Juggling academic studies while competing at the Commonwealth Games is no easy task, but it is one that Team England table tennis sensation Maria Tsaptsinos persevered at and achieved.
Having achieved a podium place at her Commonwealth Games debut, Tsaptsinos revealed that studying for her university exams and writing her dissertation helped her get the most out of her training.
“I thought if I’m not putting 100% into my training, then what was the point? I could have been at home spending time doing work,” she confessed. “I wasn’t going to sacrifice not doing well in my degree, for nothing, essentially. So I was going to put my all in to it.”
Team England tasted table tennis success across the board, but possibly the most pleasant surprise came from the women’s team triumph in the bronze medal match against the hosts Australia, of which Tsaptsinos was a part of.
Having lost out to India in the second semi-final just under two hours prior, Team England dug deep to upset the odds and topple Australia 3-1 in front of a stunned home crowd.
“We all knew we had to do something (in the bronze medal match), a lot of us just went off and sat in silence, re-gathered our thoughts and didn’t expend any energy,” the Reading-born table tennis star recollected. “Going in against a home crowd was very difficult, but we carried each other as a team and it was one of the best feelings of my life winning that bronze medal.”
The squad, which consisted of teenagers Denise Payet, 16, Tin-Tin Ho, 19, 20-year-old Maria and veteran Kelly Sibley, had just 10 full weeks preparation for the Games as a team, but they certainly put in the hard graft and the hours to defy all the odds.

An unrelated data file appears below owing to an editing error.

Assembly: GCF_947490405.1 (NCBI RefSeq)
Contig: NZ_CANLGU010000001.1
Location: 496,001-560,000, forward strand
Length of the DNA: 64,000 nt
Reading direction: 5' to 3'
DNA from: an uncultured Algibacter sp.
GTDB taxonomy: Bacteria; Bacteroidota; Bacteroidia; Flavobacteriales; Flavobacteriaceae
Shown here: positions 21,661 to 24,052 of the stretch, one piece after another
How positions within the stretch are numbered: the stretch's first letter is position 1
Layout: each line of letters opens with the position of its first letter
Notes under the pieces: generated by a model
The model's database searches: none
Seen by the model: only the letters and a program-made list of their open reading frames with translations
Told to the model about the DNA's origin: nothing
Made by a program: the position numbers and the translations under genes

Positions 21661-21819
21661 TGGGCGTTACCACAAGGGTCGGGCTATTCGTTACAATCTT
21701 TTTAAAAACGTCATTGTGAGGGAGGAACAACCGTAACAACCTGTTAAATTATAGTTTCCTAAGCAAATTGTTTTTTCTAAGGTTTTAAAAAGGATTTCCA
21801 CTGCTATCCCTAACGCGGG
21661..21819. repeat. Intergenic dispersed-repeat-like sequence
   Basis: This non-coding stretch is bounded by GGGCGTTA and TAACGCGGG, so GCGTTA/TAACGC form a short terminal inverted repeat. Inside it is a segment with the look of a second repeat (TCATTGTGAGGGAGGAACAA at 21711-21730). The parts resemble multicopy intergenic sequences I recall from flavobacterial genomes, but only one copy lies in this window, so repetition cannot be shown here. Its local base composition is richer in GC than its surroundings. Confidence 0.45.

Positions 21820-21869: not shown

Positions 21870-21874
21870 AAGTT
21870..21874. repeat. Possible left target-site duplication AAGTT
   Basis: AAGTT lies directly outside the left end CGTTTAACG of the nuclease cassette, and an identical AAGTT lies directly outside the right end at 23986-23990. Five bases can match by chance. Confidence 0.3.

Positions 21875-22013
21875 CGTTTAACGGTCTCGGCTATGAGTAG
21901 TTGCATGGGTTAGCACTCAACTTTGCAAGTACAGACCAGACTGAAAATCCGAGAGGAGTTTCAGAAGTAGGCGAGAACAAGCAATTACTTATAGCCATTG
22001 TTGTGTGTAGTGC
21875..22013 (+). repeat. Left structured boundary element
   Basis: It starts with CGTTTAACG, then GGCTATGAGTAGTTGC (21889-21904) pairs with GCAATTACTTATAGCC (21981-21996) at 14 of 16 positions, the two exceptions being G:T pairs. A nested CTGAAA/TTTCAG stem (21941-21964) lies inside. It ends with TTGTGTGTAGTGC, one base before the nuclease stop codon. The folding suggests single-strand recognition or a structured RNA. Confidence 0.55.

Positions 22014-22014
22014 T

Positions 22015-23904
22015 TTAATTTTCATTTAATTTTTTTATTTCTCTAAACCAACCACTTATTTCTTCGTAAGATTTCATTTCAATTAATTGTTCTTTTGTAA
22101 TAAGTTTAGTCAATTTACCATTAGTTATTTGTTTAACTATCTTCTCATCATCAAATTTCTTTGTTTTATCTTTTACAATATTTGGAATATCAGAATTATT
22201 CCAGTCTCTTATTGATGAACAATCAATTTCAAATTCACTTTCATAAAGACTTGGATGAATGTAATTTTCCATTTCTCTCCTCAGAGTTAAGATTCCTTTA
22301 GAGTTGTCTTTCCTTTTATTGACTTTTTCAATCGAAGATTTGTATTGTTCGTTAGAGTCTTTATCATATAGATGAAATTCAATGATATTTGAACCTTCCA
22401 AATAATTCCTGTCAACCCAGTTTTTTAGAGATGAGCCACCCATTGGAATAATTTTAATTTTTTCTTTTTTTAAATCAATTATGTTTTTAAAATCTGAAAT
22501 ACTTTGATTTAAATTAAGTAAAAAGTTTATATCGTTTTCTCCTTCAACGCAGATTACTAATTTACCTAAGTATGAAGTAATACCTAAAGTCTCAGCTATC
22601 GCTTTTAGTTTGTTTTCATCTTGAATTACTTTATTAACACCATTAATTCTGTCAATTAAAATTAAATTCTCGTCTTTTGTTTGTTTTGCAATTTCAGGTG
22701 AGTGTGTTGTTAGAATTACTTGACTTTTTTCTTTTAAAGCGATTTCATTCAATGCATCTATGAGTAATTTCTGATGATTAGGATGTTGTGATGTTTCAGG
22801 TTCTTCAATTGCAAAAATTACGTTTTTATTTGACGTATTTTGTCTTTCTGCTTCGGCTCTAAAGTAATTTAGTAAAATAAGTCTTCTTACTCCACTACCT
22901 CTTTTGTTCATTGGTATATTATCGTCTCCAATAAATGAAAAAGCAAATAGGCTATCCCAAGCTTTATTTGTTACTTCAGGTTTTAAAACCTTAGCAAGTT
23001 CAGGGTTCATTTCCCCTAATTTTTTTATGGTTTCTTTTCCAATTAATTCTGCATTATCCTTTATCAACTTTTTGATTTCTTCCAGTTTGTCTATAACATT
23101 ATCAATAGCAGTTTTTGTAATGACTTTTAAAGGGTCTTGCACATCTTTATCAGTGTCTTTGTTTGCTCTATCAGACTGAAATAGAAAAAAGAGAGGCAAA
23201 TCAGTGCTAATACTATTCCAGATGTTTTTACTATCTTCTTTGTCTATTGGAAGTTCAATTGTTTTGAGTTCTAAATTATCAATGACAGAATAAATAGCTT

This grit and determination was spectacularly showcased at the Gold Coast, when Ho bested Miao Miao in the deciding game, sparking memorable celebrations.
“I sacrificed my third year University for it,” Tsaptsinos explained. “It meant so much more than what it seemed because we put so many hours into it.”
Tsaptsinos, who had participated in only one multi-sports competition prior to the Gold Coast, the World University Games, believes that her experience in Australia is one she won’t forget for “a very long time.”
“(The World University Games) was good exposure, but the Gold Coast was much better, the location was better and it was a better atmosphere,” the 20-year-old suggested. “There was a sense in the village of drive, everyone was there to bring back medals for Team England.”
With international tournament experience under her belt, Tsaptsinos’ attention turns to the European Singles tournament in September and the World Championships following that. On top of this, the 20-year-old will make the transition into a full-time athlete, having always balanced her education with table tennis, it’s a challenge she relishes.